Coronavirus: Sailors infected with COVID-19 on US carrier despite extensive screening
Five US sailors have been evacuated with coronavirus from an aircraft carrier despite extensive screening as the warship prepares its return to sea following a major outbreak, a US official confirmed Thursday.
After testing positive but asymptomatic, the five spent two weeks in quarantine in Guam where the nuclear-powered USS Theodore Roosevelt is docked, the official said, confirming a New York Times report.
After each registered negative twice in subsequent tests, they were permitted back aboard the ship.
But they were later retested and again found positive.
The Navy declined any official comment on the new cases.
The setback comes with the Roosevelt and its nearly 5,000 crew having spent the last six weeks at the US Navy's base on the Pacific island dealing with the outbreak.
More than one-fifth of the crew tested positive, including the captain, and were placed in quarantine as the vessel underwent a thorough cleaning.
The new positive cases underscored the challenges of testing and the persistence of the virus, which has caused nearly 8,300 infections and 27 deaths among US military personnel and civilian Pentagon employees and their families.
The Roosevelt sailed into Guam in late March and was forced to stay through April as the Pentagon faced its first real test from the pandemic.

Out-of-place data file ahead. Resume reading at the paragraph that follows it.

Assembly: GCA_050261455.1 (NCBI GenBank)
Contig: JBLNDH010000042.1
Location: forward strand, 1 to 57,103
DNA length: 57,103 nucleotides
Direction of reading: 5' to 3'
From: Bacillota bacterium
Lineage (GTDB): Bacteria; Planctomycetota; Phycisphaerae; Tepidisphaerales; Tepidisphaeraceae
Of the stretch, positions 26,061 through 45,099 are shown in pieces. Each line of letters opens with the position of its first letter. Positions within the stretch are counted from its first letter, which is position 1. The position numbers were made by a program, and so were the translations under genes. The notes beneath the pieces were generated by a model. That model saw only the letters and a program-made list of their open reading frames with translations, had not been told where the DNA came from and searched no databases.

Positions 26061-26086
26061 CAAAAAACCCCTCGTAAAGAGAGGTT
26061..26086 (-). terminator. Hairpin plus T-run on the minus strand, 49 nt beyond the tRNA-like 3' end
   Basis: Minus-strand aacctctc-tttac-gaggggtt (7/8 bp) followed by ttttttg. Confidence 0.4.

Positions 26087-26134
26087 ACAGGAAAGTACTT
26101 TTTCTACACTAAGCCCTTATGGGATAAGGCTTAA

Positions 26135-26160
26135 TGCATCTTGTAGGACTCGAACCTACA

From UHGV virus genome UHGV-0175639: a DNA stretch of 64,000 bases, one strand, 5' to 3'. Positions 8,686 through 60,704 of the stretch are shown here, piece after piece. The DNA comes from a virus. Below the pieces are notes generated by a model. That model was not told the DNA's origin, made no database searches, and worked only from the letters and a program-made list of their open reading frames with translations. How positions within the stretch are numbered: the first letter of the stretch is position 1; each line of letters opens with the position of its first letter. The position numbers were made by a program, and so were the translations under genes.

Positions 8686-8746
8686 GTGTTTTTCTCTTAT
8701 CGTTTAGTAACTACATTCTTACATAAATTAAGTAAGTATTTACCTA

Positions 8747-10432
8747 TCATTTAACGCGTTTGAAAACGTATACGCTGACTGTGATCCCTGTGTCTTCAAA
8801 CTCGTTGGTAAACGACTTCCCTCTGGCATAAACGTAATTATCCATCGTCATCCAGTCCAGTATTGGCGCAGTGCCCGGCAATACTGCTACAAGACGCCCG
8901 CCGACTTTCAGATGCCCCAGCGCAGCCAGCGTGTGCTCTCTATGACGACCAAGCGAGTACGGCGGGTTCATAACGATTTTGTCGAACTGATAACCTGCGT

The hobbling of one of the Navy's key assets in the Pacific raised questions about the threat of the global spread of coronavirus on US military readiness.
The Roosevelt outbreak led to turmoil at the top levels of the Navy: The ship's captain was removed after allowing his concerns over the outbreak to be made public, with the Navy secretary who fired him then resigning for mishandling the case.
A Pentagon official cautioned that the ship is now much less vulnerable to any new, large outbreaks because of continued testing, regular sterilization, use of masks and compartmentalizing of the crew.
Around 2,900 sailors have returned aboard the ship and all wear masks and maintain social distancing when they can.
"It's a very different environment than it was when this (first) outbreak occurred," according to the official.